Candidate Experience Isn’t a Real Product

I love watching really good comics.  Sarah Silverman has a new special on HBO called “We Are Miracles” it’s brilliantly funny in the way where she makes her self laugh at some of the things she is saying.  I love that.  I find it funnier when the comic finds themselves funny, not fake funny, but naturally tickled at what they are thinking and saying out loud.  There is one part in the special where she talks about a product that is being marketed to women for a certain kind of odor, in areas we don’t talk about on family blogs like this.  She describes how these odor fighting products, marketed directly at women, going after their worst fears, aren’t really products.  We think they are because we see the commercials and someone holding a can in their hands and talking on TV, I mean it has to be real, it’s on TV!

But they aren’t.  There is no real need for this product. Women can use soap and water, like they use on the rest of their body.  As Sarah says, if you do that, your normal washing, and you still sense an odor, you don’t need a ‘perfume’ spray, you need a doctor!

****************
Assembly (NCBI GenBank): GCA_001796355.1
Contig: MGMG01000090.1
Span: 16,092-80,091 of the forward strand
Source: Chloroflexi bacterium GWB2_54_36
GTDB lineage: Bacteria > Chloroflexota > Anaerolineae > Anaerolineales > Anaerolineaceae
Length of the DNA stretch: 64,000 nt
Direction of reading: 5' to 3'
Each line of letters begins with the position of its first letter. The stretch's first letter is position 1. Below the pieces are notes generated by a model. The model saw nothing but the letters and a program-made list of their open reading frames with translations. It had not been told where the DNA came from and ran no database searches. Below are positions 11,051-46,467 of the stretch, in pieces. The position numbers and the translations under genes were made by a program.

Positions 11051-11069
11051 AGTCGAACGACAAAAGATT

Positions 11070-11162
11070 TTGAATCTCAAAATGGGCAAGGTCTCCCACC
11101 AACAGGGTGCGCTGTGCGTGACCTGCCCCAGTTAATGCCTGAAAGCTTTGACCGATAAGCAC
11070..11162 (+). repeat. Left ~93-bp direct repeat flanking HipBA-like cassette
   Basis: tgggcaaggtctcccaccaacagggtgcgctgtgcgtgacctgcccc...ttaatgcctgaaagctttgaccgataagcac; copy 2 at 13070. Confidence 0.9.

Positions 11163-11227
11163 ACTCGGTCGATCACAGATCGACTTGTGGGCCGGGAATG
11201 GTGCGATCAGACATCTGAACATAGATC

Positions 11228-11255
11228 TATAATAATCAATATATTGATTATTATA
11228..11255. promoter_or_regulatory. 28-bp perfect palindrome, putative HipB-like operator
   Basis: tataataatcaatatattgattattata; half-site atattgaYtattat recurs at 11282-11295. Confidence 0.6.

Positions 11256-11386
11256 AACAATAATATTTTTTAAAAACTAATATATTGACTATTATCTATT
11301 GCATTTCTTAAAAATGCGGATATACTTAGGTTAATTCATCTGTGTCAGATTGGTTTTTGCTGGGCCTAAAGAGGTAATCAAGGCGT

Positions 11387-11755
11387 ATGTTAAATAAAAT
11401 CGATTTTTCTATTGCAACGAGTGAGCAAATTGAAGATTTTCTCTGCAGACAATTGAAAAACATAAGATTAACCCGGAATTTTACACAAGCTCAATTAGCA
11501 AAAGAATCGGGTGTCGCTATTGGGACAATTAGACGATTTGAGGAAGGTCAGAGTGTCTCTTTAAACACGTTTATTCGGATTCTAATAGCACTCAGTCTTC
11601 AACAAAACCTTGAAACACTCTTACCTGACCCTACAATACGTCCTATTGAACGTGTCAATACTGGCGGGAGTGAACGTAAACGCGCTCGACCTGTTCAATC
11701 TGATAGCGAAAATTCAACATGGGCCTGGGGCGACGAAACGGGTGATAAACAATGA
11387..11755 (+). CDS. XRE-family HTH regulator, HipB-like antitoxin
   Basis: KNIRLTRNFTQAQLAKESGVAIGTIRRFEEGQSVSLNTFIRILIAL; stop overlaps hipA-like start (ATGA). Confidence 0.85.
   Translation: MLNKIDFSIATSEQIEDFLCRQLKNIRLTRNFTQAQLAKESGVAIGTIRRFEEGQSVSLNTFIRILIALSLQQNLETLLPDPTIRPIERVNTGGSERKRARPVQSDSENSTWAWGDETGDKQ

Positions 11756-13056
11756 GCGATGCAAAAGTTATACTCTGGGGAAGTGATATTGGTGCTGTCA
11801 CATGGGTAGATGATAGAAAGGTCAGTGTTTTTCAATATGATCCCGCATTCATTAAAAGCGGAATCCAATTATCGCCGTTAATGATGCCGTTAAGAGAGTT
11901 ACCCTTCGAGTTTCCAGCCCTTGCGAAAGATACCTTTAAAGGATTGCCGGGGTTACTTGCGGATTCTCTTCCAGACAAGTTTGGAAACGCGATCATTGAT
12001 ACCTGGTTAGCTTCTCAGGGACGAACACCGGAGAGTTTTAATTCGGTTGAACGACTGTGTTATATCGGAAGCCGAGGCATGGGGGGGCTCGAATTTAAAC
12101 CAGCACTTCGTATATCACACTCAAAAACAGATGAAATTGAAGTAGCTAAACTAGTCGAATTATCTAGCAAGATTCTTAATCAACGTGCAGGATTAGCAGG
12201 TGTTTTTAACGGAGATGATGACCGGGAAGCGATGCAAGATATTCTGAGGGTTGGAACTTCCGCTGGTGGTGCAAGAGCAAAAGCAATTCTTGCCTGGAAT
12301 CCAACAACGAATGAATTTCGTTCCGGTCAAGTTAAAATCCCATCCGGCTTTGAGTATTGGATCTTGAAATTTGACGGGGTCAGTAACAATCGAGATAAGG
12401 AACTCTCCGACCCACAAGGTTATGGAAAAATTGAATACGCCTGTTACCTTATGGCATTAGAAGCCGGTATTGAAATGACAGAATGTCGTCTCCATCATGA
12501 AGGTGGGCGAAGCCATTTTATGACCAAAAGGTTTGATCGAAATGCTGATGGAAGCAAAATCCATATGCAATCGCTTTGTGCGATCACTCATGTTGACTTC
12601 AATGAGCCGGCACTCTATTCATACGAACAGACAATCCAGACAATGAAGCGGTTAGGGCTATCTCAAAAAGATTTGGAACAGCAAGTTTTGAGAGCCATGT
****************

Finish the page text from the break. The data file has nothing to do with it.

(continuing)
This is exactly how I feel about Candidate Experience.  It’s not a real product.

We think it is because we have really smart folks telling us it is.  These same folks make their living off of consulting to companies who have unrealized fears of a candidate having a bad experience and then those candidates no longer wanting to use or buy their products and services.  This is made up.  This is private parts deodorant.

Here is what Candidate Experience is built upon:

1. At some point an executive had their sister’s kid, a niece or nephew of the executive, apply for a job with the company online.  Your system/process did what is was suppose to do, it weeded out this crappy candidate, sent them the “Dear John” letter, and that was it.  But it wasn’t!

2. Executive hears from her sister that her daughter Mary, a brilliant child, was not selected and not even given an interview, in fact there was no human interaction at all!

3. Executive has to save face with family.  Comes down hard on Talent Acquisition leader about how can we treat our candidates like this!

This is how Candidate Experience was born.  A niece not getting hired.